Prevalence, Resistance Patterns, And Risk Factors For Antimicrobial Resistance In Bacteria From Retail Chicken Meat In Colombia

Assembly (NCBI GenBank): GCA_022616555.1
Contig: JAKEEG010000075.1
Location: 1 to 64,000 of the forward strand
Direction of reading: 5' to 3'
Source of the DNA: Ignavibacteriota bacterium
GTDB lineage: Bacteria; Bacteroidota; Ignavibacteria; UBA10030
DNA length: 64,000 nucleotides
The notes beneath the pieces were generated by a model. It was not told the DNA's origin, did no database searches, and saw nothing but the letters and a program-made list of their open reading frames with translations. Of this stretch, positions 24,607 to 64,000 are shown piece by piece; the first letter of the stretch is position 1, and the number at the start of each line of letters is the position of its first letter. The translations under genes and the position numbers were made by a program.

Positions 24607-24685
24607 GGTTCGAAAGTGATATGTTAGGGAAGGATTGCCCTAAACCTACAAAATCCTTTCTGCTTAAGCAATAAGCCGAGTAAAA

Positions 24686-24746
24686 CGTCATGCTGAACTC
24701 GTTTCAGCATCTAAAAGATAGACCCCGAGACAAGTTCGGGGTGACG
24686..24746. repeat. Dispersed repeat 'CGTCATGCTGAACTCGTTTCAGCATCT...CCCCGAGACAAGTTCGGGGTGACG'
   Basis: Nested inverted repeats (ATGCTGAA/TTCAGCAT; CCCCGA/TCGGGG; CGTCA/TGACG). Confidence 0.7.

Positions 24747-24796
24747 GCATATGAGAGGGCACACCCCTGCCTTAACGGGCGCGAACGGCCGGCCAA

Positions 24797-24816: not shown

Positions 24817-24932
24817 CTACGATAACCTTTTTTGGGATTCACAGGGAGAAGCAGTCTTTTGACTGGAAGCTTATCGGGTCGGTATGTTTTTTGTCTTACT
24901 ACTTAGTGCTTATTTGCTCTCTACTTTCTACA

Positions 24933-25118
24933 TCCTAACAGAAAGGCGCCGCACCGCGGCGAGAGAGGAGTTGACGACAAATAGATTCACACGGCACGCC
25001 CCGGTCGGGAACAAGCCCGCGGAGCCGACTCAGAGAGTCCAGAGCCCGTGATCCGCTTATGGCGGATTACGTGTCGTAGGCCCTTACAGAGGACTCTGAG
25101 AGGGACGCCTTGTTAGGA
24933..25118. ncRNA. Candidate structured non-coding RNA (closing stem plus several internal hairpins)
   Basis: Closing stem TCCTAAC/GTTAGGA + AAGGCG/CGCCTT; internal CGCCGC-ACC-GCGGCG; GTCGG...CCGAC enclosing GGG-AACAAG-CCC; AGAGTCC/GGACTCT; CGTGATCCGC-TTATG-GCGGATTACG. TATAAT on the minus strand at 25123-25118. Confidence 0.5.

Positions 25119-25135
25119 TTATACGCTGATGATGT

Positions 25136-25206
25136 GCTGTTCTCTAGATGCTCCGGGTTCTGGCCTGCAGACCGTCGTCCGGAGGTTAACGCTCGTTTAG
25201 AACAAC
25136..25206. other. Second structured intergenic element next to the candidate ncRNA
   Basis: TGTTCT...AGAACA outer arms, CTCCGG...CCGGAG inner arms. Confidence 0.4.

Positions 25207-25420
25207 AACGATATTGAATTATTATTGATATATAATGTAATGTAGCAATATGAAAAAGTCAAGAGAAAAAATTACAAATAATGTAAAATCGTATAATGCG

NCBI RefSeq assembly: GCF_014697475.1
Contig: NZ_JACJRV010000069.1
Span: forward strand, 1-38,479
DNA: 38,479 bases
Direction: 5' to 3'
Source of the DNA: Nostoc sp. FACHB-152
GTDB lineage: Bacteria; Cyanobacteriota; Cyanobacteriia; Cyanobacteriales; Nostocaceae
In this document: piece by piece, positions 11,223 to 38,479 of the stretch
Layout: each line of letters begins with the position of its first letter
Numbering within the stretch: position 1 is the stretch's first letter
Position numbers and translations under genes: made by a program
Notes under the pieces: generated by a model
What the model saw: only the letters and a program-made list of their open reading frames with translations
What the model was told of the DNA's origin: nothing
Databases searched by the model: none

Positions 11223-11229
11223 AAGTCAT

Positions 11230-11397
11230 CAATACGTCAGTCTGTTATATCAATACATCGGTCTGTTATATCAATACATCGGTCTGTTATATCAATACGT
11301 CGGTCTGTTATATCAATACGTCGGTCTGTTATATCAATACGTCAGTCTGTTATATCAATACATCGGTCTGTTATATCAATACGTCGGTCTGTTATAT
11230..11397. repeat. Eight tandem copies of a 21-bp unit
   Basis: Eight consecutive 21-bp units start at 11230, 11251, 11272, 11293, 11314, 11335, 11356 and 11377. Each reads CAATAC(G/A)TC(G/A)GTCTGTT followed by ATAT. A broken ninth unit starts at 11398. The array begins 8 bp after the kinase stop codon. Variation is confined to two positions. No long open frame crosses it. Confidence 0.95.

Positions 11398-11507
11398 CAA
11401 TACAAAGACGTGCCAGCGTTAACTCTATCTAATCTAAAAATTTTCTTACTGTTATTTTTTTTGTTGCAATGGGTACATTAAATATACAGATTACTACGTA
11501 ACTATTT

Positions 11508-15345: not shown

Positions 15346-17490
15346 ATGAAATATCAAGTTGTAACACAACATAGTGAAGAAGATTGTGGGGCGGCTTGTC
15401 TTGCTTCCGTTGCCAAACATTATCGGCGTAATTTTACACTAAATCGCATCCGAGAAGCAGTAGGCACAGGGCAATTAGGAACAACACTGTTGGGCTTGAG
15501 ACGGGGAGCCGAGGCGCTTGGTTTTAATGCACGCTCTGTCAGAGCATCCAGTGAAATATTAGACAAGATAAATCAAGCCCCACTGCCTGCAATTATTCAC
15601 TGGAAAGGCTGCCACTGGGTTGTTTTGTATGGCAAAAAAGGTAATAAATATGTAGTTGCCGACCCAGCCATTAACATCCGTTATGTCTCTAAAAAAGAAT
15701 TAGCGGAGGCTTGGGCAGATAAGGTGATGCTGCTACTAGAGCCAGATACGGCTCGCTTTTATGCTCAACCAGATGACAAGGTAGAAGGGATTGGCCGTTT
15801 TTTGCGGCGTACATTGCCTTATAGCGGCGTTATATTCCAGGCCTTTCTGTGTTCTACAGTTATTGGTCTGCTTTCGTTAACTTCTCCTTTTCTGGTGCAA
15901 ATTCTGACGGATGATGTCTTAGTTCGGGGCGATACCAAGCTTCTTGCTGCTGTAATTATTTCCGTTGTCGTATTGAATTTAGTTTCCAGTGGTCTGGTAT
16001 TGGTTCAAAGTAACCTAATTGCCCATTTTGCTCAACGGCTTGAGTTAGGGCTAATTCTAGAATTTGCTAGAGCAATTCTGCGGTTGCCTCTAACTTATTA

As a step toward implementing the Colombian Integrated Program for Antimicrobial Resistance Surveillance (COIPARS), this study aimed to establish the baseline antimicrobial resistance patterns of Salmonella serovars, Escherichia coli, and Enterococcus spp. isolates in retail poultry meat from independent stores and from a main chain distributor center. MICs of the isolates were determined for antimicrobials used both in humans and animals, using an automated system. Salmonella serovars were isolated from 26% of the meat samples and E. coli from 83%, whereas Enterococcus faecalis and Enterococcus faecium were detected in 81 and 13% of the meat samples, respectively. A principal finding of concern in this study was that almost 98% of isolates tested were multidrug resistant. Ceftiofur, enrofloxacin, nalidixic acid, and tetracycline were the antimicrobials that showed the highest frequency of resistance among Salmonella and E. coli isolates. For enterococci, 61.5% of E. faecium isolates were found to be resistant to quinupristin-dalfopristin; this is significant because it is used to treat nosocomial infections when vancomycin resistance is present. Vancomycin resistance was detected in 4% of the E. faecalis isolates. The results of our study highlight the need for rapid implementation of an integrated program for surveillance of antimicrobial resistance by the Colombian authorities in order to monitor trends, raise awareness, and help promote practices to safeguard later generation antimicrobial agents.